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Metamorpho begins as a back-up series, by Bob Haney, John Calnan and Murphy Anderson.  The art is a passable match for the distinct look of the series.  Metamorpho, along with his girlfriend Sapphire Stagg, her father Simon, and his caveman bodyguard Java, had all last appeared in an issue of Brave and the Bold a couple of months earlier.

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In this story Simon Stagg is approached by an old college friend, to help fund “Morality Mountain, ” with its carvings of the seven deadly sins.

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He brings Stagg and his crew there, showing off the work done so far.  He brings Stagg into a separate room, announcing that he intends to kill him.

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And we see that Sapphire, Java and Metamorpho are in even more danger.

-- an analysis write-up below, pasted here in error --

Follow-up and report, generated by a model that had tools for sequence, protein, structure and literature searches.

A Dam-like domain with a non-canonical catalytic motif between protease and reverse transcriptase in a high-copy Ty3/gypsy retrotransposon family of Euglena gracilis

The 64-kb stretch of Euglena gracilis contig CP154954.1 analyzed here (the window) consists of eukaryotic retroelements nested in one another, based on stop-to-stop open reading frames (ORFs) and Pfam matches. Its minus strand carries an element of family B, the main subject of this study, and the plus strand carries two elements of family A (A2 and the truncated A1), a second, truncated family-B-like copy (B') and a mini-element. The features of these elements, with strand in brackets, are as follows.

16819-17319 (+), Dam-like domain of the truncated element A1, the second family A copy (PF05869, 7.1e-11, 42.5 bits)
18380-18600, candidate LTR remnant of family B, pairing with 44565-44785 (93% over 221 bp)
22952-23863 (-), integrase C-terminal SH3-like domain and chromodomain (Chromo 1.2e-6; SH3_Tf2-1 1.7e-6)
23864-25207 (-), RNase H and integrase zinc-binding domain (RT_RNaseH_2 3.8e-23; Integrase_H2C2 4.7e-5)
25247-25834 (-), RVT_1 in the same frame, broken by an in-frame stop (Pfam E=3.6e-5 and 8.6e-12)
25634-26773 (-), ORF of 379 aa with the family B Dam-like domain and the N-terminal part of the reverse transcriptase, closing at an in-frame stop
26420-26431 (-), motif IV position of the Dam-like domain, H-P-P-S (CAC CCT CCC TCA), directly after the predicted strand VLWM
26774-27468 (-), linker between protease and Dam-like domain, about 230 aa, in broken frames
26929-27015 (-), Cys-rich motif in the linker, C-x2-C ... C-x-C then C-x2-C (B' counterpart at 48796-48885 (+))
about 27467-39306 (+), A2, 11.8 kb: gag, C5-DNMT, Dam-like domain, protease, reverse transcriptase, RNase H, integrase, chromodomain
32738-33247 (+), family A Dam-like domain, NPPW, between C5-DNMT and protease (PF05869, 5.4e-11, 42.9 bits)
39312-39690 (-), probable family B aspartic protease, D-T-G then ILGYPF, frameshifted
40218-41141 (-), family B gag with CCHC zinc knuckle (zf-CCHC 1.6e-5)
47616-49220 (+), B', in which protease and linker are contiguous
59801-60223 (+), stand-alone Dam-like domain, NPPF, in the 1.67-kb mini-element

The story concludes next issue.

 

Action 411 – the Fortress of Solitude discovered

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Superman’s Fortress of Solitude is the centre of attention again, in Action 411 (April 1972).

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Superman discovers that the oil explorers have found the door to his Fortress, although they have no idea what it is.  They are working to open it.

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The head of the company insists that his lease on the area gives him the rights to whatever is found, and he seals off access to the Fortress, while trying a variety of methods to penetrate it.

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Both Superman and Supergirl, who has her own wing there, are worried about their secrets being exposed, and so they sabotage the oil exploration rigs and boats, until staying becomes such a financial loss that the company just leaves.

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Superman does offer to open the door for them before they go, and reveals a plaque on an ice wall.  Enough to satisfy the people, but nor enough to maintain interest.  Superman constructed this fake door and wall directly in front of the real one during the night.